United States District Court, W.D. North Carolina, Charlotte Division
J. CONRAD, JR.UNITED STATES DISTRICT JUDGE.
MATTER comes before the Court regarding the
Defendant's Motion to Suppress, (Doc. No. 74);
Plaintiff's Opposition to Defendant's Motion to
Suppress, (Doc. No. 75); and Defendant's Reply to the
Government's Response in Opposition to the Motion to
Suppress, (Doc. No. 82). During the course of the trial, the
Court granted the Defendant's Motion to Suppress for the
reasons explained below.
Alejandro Chavez-Lopez's (“Defendant”) arrest
for his involvement in a conspiracy to possess with the
intent to distribute cocaine, police officers interviewed him
at the police station for twenty-five minutes prior to
reading him his Miranda rights. Miranda v.
Arizona, 384 U.S. 436 (1966). The government
self-suppressed the pre-Miranda statements, and
Defendant sought suppression of the post-Miranda
Court found that Miranda warnings were deliberately
delayed, thereby creating a presumption of compulsion
regarding the Defendant's post-Miranda
statements under U.S. v. Mashburn, 406 F.3d 303, 309
(4th Cir. 2005). Because the Government failed to rebut that
presumption, the post-Miranda statements are
officers, including Homeland Security Investigations Special
Agent Ubaldo Rios (“Agent Rios”), arrested
Defendant on January 25, 2017, and transported him to the
Huntersville Police Department Headquarters. The officers met
with Defendant in an interview room. Initially, they spoke to
the Defendant about the nature of his charge and about
biographical information [Government's English
Translation of the Interview Transcript (“Tr.”),
1-3]. Before giving defendant any Miranda warnings, the
agents asked Defendant approximately fifteen substantive
questions, including “How did you get to
Wal-Mart?” (Id. at 4); “You ever been
arrested in North Carolina?” (Id. at 9);
“You are in debt?” (Id. at 12);
“The guy from the Hyundai, where did he come from?
Where does he live?” (Id. at 12). During this
discourse, at least three times the agents said a
Miranda warning was necessary. (Id. at 6,
9, 16). Yet, it was twenty-five minutes into the conversation
before Agent Rios provided such a warning. (Id. at
17). Defendant responded with “Ay, ” “Yes,
” and nodded his head. (Id. at 17-18). He did
not sign a formal waiver of his Miranda rights but
continued to speak with the agents. Post-Miranda,
the agents questioned Defendant about his debt, (Id.
at 29-30), inquired about the specific location of a
“store” involved in drug trafficking,
(Id. at 29), and discussed the ramifications of
Defendant's cooperation, (Id. at 18-20).
Supreme Court noted in Missouri v. Siebert that
“Miranda addressed ‘interrogation
practices … likely … to disable [an individual]
from making a free and rational choice' about
speaking.” 542 U.S. 600, 601 (2004) (quoting
Miranda, 384 U.S. at 464-65). When the reading of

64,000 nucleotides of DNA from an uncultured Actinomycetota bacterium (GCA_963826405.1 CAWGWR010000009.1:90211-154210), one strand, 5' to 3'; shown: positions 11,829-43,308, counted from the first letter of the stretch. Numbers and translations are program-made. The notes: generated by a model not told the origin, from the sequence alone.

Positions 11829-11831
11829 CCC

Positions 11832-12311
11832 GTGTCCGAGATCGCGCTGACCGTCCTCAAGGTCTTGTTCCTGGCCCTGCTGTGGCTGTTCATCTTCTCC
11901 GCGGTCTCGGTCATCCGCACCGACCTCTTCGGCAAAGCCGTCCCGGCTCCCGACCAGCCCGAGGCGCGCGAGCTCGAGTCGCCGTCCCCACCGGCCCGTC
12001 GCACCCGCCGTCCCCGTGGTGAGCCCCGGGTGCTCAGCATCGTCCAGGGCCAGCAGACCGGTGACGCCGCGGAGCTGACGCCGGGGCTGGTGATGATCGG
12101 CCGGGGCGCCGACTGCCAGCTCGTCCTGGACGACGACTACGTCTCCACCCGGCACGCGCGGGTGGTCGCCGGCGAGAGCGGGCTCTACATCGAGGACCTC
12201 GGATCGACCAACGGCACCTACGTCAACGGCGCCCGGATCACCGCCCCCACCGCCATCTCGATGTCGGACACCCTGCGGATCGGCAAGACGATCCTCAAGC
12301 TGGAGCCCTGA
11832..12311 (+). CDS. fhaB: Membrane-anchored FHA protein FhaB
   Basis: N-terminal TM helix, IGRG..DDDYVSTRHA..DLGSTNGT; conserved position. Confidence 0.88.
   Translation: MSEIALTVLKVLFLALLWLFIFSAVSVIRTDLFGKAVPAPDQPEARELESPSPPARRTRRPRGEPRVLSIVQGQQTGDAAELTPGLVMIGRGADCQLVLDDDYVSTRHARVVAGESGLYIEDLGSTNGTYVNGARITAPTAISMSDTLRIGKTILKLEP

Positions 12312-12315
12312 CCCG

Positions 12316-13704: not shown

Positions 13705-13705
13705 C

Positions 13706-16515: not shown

Miranda is delayed, the admissibility analysis
hinges on whether the delay is deliberate. Mashburn,
406 F.3d at 309. When the delay is deliberate, courts in the
Fourth Circuit follow the Siebert presumptive
The admissibility of post-warning statements is governed by
Elstad unless the deliberate
“question-first” strategy is employed. If that
strategy is deliberately employed, post-warning statements
related to the substance of pre-warning statements must be
excluded unless curative measures are taken before the
post-warning statements are made.
Mashburn, 406 F.3d at 309 (quoting Missouri v.
Seibert, 542 U.S. 600, 621 (2004)). In his concurring
opinion in Seibert, Justice Kennedy determined that
a post-Miranda statement is admissible if curative
measures are taken even when deliberate delay is present.
Id. Without curative measures, the post-warning
statements are inadmissible. Id. On the other hand,
when the delay is merely coincidental or accidental, courts
apply the Elstad framework: “a simple failure
to administer the warnings, unaccompanied by any actual
coercion or other circumstances calculated to undermine the
suspect's ability to exercise his free will, ” does
not render a post-Miranda statement inadmissible.
Oregon v. Elstad, 470 U.S. 298, 309 (1985).
“question-first” tactic occurs when law
enforcement uses pre-warning answers to inform, guide, and
hone post-warning questioning. Siebert 542 U.S. at
600. The Supreme Court has found that the question-first
technique, designed “to render Miranda
warnings ineffective by waiting for a particularly opportune
time to give them, after the suspect had already confessed,
” (Id. at 611), “effectively threatens
to thwart Miranda's purpose of reducing the risk
that a coerced confession would be admitted.”
Id. at 617.
determine the nature of the delay, the Court explained,
“[T]he focus is on facts apart from intent that show
the question-first tactic at work.” Siebert
542 U.S. at 616, n.6. Setting aside an analysis of the
officer's subjective intent and focusing on the objective
facts, the Siebert plurality set forth five factors
to determine whether ...